Synthetic polymers could be the silver bullet for multidrug-resistant superbugs

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Targeting drug-resistant bacteria with synthetic polymers is not a new idea, but it has run into challenges, such as toxicity and a limited ability to target multiple strains of bacteria. (Steve Buissinne)

Drug-resistant bacteria are on the rise and could soon outpace our capacity to develop new antibiotics. An international team is trying to head this off with synthetic molecules to treat multiple superbugs.

The team, from IBM Research and Singapore’s Institute of Bioengineering and Nanotechnology (IBN), created a new class of synthetic polymers targeting five deadly drug-resistant bacteria. Although this approach is not new, others who have tried it have hit some roadblocks, such as non-biodegradability, which could lead to a toxic buildup of polymer in the body. Some polymers had trouble targeting multiple strains of bacteria, wrote James Hedrick of IBM Research in a blog post.

The IBM-made polymers, called guanidinium-functionalized polycarbonates, work by binding to a bacterial cell and then being transported across the cell membrane into the cytoplasm. Once inside the cell, they cause the precipitation—or deposition in solid form—of cell contents, such as proteins and genes, which ends up killing the bacterial cell.

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The researchers tested the drug in mice infected with five different superbugs, including E. coli and methicillin-resistant Staphylococcus aureus (MRSA), as well as in mice with systemic infections. The treatment eliminated the bacteria from the mice and effectively treated the infections with “negligible” to no toxicity. The findings appear in Nature Communications.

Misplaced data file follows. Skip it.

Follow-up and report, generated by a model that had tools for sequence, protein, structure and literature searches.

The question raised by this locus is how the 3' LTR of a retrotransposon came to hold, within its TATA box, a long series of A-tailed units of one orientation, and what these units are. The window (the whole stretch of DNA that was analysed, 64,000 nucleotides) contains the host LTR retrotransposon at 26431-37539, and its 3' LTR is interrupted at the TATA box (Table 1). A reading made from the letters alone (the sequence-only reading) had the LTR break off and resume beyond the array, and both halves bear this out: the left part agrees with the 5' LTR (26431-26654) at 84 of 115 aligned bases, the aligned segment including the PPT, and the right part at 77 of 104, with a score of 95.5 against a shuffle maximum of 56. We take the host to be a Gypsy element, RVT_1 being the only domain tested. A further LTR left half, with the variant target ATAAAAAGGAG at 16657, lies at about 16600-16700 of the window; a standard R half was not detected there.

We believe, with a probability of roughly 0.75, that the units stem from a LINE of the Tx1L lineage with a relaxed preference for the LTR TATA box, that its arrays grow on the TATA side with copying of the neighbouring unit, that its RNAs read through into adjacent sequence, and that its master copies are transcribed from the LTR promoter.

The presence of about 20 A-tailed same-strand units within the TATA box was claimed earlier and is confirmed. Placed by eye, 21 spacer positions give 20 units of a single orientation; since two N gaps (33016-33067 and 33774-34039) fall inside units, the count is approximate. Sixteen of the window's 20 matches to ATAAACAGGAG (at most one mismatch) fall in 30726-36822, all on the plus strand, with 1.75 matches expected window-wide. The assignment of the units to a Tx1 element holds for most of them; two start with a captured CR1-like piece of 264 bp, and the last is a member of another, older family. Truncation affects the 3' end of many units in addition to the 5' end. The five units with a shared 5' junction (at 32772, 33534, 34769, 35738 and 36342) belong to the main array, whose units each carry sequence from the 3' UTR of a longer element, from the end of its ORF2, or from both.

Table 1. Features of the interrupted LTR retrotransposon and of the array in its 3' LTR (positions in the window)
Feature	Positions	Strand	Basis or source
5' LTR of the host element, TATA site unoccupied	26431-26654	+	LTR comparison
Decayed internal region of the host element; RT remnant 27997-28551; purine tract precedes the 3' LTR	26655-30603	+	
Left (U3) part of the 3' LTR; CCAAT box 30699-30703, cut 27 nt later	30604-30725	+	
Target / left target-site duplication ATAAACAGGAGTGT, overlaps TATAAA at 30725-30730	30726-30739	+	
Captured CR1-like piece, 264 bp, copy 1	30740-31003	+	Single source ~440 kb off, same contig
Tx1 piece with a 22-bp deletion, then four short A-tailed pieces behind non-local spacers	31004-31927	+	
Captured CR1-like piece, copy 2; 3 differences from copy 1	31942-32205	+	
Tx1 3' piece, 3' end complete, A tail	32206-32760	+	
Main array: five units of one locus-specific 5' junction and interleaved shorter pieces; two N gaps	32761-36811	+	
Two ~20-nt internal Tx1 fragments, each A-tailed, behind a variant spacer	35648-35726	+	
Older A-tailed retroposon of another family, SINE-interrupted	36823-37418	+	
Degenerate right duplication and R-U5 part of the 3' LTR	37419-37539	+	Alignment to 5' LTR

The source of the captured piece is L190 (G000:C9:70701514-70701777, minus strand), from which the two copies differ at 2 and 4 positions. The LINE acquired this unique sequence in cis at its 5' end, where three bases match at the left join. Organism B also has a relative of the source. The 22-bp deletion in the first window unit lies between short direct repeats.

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Superbugs kill about 700,000 people each year, according (PDF) to the Review on Antimicrobial Resistance. This could increase to 10 million people each year if superbugs keep developing resistance. They are already starting to beat last-line antibiotics, polymyxins, which are only given to patients infected with drug-resistant bacteria.

Some researchers are looking for new antibiotics or working to improve existing ones. A Rutgers University-led team discovered a new antibiotic produced by a microbe found in Italian soil that could be useful against bacteria that have become resistant to the antibiotic rifampin. And scientists at the University of Queensland re-engineered the antibiotic vancomycin, finding it has the potential to fight MRSA and vancomycin-resistant Enterococci (VRE).

A Rockefeller University team created an entirely new type of molecule, dubbed “lysibodies,” which are hybrids of human antibodies and lysins, which bind to carbohydrates on cell walls. These human-germ hybrids attach to bacterial cells and trigger an immune response to destroy the bacteria. And Canadian researchers are working to cripple a pathway that supplies energy to more than 20 types of pathogenic bacteria.

A genomic analysis performed by the IBM team showed that the bacteria did not develop resistance to their polymers, even after multiple treatments. The scientists are now looking for pharma partnerships to develop the polymers into an antimicrobial treatment.